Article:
In the 1970s, when the first video games entered the market, no one imagined that video games would move to computers, and become incredibly pervasive. From movies to cosplay to the scores to the dedicated creatives that bring dreams and nightmares to the brink of reality, it’s obvious that the industry has captured the hearts and minds of billions of people.

As video game creation technology progressed over the years, so did their availability and possibilities. With the addition of RPGs to the digital gaming sphere, less fastidious gamers could experience worlds beyond their wildest dreams. Unfortunately, the dark side of these brilliant graphics and engaging stories is a growing group of people whose desire to escape turned into a compulsion. Video game addiction is as real as the consoles on which they’re played and affects people all over the world. Up to an estimated ten percent of gamers are addicted to the electric pastime, and they are overwhelmingly male. Only about six percent of addicted gamers are women or girls. This certainly won’t surprise most: despite enormous changes to the demographics of the average gamer just fifteen years ago, video games have always been associated with boys.

What is Video Game Addiction?

video gamesAny addiction could be defined as a compulsion to seek out and utilize a set of stimuli. Sound, graphics, and a story in another world are enough to suck some into habits that are difficult to escape. Some of the symptoms of gaming addiction include, but are not limited to, feeling bad when not playing games, constantly thinking of playing video games, a decline in academic or work performance, and lying to friends and relatives about the amount of time spent playing. It’s also common for addicted gamers to experience mood changes and physical changes, and irritability between stretches of gameplay. Like most other addictions, losing interest in other hobbies is a symptom of gaming addiction, as well as physical and behavioral changes.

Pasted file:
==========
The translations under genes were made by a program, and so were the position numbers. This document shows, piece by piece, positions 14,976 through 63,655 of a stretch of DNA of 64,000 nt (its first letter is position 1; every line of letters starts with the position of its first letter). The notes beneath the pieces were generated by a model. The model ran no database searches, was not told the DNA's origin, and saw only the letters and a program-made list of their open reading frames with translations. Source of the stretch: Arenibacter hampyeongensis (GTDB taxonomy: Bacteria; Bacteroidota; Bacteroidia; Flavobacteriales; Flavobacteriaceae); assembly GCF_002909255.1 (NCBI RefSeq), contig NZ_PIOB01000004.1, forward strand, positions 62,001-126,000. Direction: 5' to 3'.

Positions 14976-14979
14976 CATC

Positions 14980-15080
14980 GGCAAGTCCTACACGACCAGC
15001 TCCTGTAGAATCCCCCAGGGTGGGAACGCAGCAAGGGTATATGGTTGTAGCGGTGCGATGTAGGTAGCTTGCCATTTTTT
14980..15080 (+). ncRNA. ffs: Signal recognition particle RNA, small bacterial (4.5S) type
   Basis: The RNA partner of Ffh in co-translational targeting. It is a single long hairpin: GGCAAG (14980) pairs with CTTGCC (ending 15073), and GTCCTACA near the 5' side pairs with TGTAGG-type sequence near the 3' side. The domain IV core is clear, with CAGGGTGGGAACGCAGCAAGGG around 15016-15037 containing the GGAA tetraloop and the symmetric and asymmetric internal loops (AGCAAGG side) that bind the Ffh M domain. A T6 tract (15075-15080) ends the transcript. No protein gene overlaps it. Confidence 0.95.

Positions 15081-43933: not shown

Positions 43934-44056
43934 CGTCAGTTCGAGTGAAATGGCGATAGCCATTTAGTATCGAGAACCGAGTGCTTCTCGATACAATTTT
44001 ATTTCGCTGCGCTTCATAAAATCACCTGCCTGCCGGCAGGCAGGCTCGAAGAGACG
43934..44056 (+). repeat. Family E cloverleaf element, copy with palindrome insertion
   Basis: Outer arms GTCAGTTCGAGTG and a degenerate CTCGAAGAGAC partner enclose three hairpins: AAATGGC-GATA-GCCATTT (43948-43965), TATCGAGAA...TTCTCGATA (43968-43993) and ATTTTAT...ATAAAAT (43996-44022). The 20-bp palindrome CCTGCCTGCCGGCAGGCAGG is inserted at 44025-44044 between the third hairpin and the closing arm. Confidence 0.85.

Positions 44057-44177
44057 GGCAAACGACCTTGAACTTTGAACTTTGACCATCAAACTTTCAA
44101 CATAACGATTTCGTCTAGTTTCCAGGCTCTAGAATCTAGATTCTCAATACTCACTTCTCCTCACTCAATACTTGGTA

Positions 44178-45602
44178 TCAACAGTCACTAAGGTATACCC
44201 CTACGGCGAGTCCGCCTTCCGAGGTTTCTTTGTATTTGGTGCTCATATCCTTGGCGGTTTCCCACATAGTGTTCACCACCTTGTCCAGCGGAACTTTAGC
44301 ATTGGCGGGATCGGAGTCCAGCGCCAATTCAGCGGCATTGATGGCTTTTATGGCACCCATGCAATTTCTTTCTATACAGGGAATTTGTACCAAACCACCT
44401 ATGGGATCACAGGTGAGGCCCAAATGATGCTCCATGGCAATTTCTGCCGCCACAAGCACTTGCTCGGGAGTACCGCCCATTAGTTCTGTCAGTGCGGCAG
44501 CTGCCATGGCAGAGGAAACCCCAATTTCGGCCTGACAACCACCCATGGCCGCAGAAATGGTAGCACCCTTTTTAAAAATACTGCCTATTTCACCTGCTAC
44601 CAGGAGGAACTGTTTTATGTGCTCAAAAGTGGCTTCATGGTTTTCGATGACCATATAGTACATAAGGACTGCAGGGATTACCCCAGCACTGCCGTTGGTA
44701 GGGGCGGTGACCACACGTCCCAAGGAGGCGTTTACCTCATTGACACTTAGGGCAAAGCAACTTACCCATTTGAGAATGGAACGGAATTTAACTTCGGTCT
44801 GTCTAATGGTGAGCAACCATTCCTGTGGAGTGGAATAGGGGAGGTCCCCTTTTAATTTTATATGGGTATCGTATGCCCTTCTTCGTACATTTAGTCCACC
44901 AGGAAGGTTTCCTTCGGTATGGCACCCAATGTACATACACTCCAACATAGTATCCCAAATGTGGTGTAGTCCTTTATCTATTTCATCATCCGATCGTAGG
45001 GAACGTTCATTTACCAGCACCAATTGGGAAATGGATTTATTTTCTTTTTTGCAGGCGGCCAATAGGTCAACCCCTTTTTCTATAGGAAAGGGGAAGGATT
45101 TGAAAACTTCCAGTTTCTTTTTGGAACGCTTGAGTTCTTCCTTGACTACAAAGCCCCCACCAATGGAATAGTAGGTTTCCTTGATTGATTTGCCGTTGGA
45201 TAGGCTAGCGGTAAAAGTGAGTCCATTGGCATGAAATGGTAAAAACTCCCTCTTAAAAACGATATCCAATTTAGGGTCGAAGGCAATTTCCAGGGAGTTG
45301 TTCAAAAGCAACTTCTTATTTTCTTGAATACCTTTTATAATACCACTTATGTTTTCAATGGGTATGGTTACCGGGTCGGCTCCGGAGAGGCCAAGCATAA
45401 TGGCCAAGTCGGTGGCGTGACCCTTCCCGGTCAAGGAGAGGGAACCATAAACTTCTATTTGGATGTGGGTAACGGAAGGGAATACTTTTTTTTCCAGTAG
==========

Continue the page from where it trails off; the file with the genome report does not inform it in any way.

Video gaming addiction has been classified by the World Health Organization as a gaming disorder. The phrase might make you think of rolling the dice or pulling the lever in Las Vegas, but gaming disorders go beyond the blackjack table. In designating gaming addiction as a psychological disorder, this could be the best way to stay ahead of the phenomena, and prevent it from affecting millions more, including children and teens. While some are critical and skeptical of the classification from the World Health Organization, the symptoms of addiction are real, tangible, and can destroy the lives of well-meaning but vulnerable players. People with family histories of addiction should absolutely have hobbies, but managing time spent on a hobby whose purpose is to suck you in is particularly important.

For most people living with an addiction to video addiction, it began as a hobby that got out of control. For others, an escape from the real world became a necessity for dealing with everyday life. Whatever the original intent, it is possible for video gameplay to take over your life, and of course, there are those who are more vulnerable to this addiction than others.

Who is Addicted to Video Games?